Bell pointed out the argument will likely be decided in courts but said he wants the Legislature to be able to take steps to protect the public’s constitutional rights and to give parents a “voice” in students’ education “during this critical time.”

White, a Murfreesboro Republican, said she has heard concerns from numerous constituents in Rutherford County about “unconstitutional and inappropriate mandates” announced by the federal government.

Others have questioned decisions by local governments that have kept students out of school for long periods or diminished parents’ control over their children’s education and healthcare decisions, she wrote.

“While the General Assembly has previously taken action to prohibit government entities within our state from implementing vaccine passports, last week’s actions by President Biden clearly demonstrate a lack of regard for personal liberty and longstanding constitutional principles,” White wrote in her letter requesting McNally seek a special session.

Roberts, a Springfield Republican, issued a letter obtained by the Tennessee Journal asking for a session in which the Legislature could deal with mask mandates in schools and public buildings; recognize acquired immunity or immunity from monoclonal antibodies as satisfying vaccine requirements; Stop venues that receive government funds such as Bridgestone Arena from putting COVID-19 restrictions in place; put independent health departments such as Davidson and Shelby under General Assembly oversight; challenge Biden’s vaccine mandate; and require state of emergency executive orders longer than 90 days to be reviewed by the Government Operations Committee.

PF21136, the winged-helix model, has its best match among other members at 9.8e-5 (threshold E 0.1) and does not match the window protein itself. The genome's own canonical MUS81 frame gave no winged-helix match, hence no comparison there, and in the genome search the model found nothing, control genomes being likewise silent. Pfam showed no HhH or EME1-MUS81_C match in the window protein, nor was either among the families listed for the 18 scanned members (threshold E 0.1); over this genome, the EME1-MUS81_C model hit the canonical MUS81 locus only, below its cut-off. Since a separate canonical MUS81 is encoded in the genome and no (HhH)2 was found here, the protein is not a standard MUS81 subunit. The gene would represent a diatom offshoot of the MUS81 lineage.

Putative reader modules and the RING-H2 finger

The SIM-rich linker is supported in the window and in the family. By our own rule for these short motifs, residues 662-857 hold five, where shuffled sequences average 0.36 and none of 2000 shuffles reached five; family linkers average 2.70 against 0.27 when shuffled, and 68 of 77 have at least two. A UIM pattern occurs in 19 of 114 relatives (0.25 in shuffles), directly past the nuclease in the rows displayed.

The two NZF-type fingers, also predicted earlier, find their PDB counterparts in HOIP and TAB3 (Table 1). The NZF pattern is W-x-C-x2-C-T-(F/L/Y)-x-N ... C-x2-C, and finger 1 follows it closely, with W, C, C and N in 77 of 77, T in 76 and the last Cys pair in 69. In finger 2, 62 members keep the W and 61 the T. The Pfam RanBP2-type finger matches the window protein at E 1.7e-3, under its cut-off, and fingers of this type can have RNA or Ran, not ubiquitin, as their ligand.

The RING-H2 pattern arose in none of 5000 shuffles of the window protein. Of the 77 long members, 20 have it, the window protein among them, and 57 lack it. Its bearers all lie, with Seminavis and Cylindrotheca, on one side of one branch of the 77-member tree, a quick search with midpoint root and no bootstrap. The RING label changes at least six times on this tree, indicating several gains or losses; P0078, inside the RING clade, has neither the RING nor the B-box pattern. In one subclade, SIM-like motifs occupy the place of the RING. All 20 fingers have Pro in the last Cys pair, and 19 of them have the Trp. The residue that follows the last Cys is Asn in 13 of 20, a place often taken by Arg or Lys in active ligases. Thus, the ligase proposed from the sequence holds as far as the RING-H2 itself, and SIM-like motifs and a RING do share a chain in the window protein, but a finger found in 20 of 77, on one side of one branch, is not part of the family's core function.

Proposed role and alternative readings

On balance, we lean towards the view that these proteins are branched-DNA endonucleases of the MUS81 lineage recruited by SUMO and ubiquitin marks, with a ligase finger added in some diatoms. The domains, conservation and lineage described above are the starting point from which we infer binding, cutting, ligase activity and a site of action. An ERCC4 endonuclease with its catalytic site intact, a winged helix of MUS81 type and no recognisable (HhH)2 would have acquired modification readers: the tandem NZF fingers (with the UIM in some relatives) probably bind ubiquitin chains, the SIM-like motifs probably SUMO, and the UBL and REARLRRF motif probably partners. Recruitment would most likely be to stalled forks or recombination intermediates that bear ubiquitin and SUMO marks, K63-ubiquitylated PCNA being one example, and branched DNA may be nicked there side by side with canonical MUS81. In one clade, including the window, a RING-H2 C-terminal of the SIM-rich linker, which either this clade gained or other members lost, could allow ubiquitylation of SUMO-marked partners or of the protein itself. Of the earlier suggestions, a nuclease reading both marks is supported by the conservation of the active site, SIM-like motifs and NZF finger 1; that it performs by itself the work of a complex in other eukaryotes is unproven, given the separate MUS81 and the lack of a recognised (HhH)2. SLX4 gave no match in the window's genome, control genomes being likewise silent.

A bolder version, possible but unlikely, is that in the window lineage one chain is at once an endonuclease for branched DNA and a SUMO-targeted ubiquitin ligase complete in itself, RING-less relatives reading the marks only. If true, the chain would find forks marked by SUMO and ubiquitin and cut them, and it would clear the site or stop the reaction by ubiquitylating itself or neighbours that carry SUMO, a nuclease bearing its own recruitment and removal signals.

Rose, a Covington Republican, also sent out a tweet saying “federal overreach” and “aggressive mandates” infringe on the public’s constitutional rights.

“We in the Senate need to fully engage to ensure our rights are safeguarded. I have supported for some time now, and will continue to staunchly support a special session,” he said in the tweet.

In his letter to McNally, Rose said he has received numerous requests from West Tennessee constituents for a special session to deal with “overreach” of the Shelby County Health Department. The department, which operates independently from the state, issued a mandate that was supported by Shelby County Mayor Lee Harris for students in all schools to wear masks, in accordancec with U.S. Centers for Disease Control guidelines and American Academy of Pediatrics recommendations.

The requests came even though Tennessee leads the nation in COVID-19 cases, as student numbers ramp up because of the Delta variant.

Senate Majority Leader Jeff Yarbro argued that Tennessee’s COVID-19 response doesn’t need “more partisan politics.”

“The priority in Tennessee right now should be getting folks vaccinated to halt the rampant spread of virus and deaths,” Yarbro, a Nashville Democrat, said Wednesday. “Anything that distracts from that goal — or worse, undermines that goal — is counterproductive and, frankly, dangerous.”

In contrast to Republicans’ statements, Sen. Raumesh Akbari, chair of the Senate Democratic Caucus, contends that Biden’s rule on vaccines and testing is “popular” because families, schools and business owners want to end the pandemic and “get life back to normal.”

“Tennessee has one of the lowest vaccination rates in the country. There is no need to waste more time grandstanding against the president and vaccines. We need shots in arms,” Akbari, a Memphis Democrat, said in a statement.

Tennessee Lookout is a nonprofit news site covering state government and politics.

Tennessee Lookout is a nonprofit news site covering state government and politics.